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High school aimed toward LGBT students to open in Chicago

Various studies show that gay and lesbian students are more likely to drop out of high school due to unsafe feelings.

The School for Social Justice Pride Campus, the first Lesbian/Gay/ Bisexual /Transsexual (LGBT) school in Chicago will be open for all students, but will provide a safe and friendly atmosphere for LBGT students who have experienced harassment in other schools.

According to an article in the Chicago Tribune, “A 2003 district survey shows that gay and lesbian youths are
three times more likely to miss school because they feel unsafe. On Wednesday, the Gay Lesbian and Straight Education Network released a national survey of more than 6,000 middle and high school students that found that nearly 90 percent were harassed at school and about 61 percent felt unsafe.?

In an article from The Advocate, Chicago Schools CEO Arne Duncan is quoted as saying, "We want to create great new options for communities that have been traditionally underserved, if you look at national studies, you see gay and lesbian students with high dropout rates. ... I think there is a niche there we need to fill."

Chad Weiden, the selected principal at Pride Campus told the Chicago Tribune that the “school would incorporate lessons about sexual identity in literature and history classes and offer counseling.?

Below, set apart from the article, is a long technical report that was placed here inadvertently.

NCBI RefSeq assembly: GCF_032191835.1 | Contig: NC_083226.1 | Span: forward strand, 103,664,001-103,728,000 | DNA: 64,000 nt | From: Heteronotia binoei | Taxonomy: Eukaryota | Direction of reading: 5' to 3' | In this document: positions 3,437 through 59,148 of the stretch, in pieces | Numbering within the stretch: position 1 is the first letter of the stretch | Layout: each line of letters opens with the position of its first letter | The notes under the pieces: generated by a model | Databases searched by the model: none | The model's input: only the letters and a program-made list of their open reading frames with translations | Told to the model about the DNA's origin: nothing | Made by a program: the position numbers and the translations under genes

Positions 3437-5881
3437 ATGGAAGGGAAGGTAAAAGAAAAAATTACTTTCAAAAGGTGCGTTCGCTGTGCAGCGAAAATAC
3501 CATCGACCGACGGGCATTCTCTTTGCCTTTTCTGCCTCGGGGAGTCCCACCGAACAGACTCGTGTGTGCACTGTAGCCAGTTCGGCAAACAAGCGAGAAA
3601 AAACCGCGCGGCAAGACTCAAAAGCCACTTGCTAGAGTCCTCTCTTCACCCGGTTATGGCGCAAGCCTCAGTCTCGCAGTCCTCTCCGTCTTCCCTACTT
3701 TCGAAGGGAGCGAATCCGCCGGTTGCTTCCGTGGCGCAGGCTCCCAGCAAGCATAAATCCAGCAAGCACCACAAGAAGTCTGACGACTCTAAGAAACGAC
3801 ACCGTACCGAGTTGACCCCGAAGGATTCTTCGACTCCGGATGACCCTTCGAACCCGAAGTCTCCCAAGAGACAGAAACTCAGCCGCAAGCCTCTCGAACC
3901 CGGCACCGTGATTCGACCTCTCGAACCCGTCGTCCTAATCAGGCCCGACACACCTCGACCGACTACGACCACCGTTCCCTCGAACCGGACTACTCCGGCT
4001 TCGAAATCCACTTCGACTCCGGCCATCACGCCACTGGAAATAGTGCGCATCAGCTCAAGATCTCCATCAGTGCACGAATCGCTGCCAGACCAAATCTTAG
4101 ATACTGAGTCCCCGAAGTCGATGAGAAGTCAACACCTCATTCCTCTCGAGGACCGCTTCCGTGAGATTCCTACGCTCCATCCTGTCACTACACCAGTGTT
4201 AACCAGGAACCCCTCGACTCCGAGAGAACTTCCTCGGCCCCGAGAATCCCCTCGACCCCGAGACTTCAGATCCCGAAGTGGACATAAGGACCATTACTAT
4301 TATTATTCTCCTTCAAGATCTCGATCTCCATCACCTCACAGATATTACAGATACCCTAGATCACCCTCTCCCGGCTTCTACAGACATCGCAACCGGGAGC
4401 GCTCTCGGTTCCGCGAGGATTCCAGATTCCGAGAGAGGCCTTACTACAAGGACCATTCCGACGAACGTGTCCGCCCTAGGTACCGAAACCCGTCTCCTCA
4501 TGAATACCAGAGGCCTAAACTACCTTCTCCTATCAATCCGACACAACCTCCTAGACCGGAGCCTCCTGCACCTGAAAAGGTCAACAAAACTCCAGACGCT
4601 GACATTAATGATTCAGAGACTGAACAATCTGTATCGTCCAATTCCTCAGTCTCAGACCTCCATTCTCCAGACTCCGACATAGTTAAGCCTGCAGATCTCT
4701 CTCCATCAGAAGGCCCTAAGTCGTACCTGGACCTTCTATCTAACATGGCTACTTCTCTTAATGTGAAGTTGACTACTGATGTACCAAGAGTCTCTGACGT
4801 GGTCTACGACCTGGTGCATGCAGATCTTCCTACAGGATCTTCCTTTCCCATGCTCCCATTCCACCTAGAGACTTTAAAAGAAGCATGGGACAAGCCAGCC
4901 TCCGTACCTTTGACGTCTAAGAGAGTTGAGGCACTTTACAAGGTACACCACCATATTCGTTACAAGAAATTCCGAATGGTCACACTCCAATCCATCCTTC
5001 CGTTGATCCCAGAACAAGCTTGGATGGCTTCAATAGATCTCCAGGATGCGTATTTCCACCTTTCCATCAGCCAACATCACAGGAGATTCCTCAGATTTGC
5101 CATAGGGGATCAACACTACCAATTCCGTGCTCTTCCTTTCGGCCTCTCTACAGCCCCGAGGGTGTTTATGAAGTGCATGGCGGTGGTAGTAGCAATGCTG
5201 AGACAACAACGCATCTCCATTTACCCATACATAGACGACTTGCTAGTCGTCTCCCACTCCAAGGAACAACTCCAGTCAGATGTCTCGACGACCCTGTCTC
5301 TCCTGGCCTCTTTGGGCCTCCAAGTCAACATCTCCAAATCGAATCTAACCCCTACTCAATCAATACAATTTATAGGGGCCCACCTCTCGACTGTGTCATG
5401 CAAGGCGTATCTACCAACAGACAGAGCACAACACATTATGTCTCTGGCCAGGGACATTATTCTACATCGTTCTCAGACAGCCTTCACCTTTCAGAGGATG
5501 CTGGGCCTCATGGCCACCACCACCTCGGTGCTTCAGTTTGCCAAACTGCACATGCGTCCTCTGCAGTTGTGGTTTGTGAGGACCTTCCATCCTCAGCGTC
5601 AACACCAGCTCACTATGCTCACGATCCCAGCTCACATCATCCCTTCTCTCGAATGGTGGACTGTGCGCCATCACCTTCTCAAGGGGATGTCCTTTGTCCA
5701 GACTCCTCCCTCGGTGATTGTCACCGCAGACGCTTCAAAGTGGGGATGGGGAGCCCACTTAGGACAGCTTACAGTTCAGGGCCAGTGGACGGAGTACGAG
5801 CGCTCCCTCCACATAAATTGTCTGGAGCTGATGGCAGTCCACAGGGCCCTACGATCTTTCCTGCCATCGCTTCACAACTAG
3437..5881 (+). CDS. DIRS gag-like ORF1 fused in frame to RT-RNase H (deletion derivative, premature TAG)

Students throughout the city interested in going the school will be admitted through a lottery procedure and the school will carry the same general requirements as other schools in the district.

Duncan expects the school to enroll mostly straight students. He told the Chicago Sun Times that “many kids should be attracted to its college-prep curriculum and its message of ‘social justice' and ‘tolerance’.?

The Chicago Sun Times reports that “The Pride Campus still needs a location but hopes to open in 2010 and ultimately serve 600 students.?

The final vote for approval of the school will be made by the city’s board of education on Oct. 22.

All three publications provided three different names for the school, so I decided to use the title I saw more frequently in other stories.

While all three stories provided roughly same amount of information, the Chicago Tribune’s article gave some relevant background information with its description of one of the public hearings. The article also presented specific information about the school that the other articles did not mention.

I understand that The Advocate is a nationally circulated publication, but I expected it to contribute more information to the story, especially since story surrounds such a serious and widespread issue that affects many youth.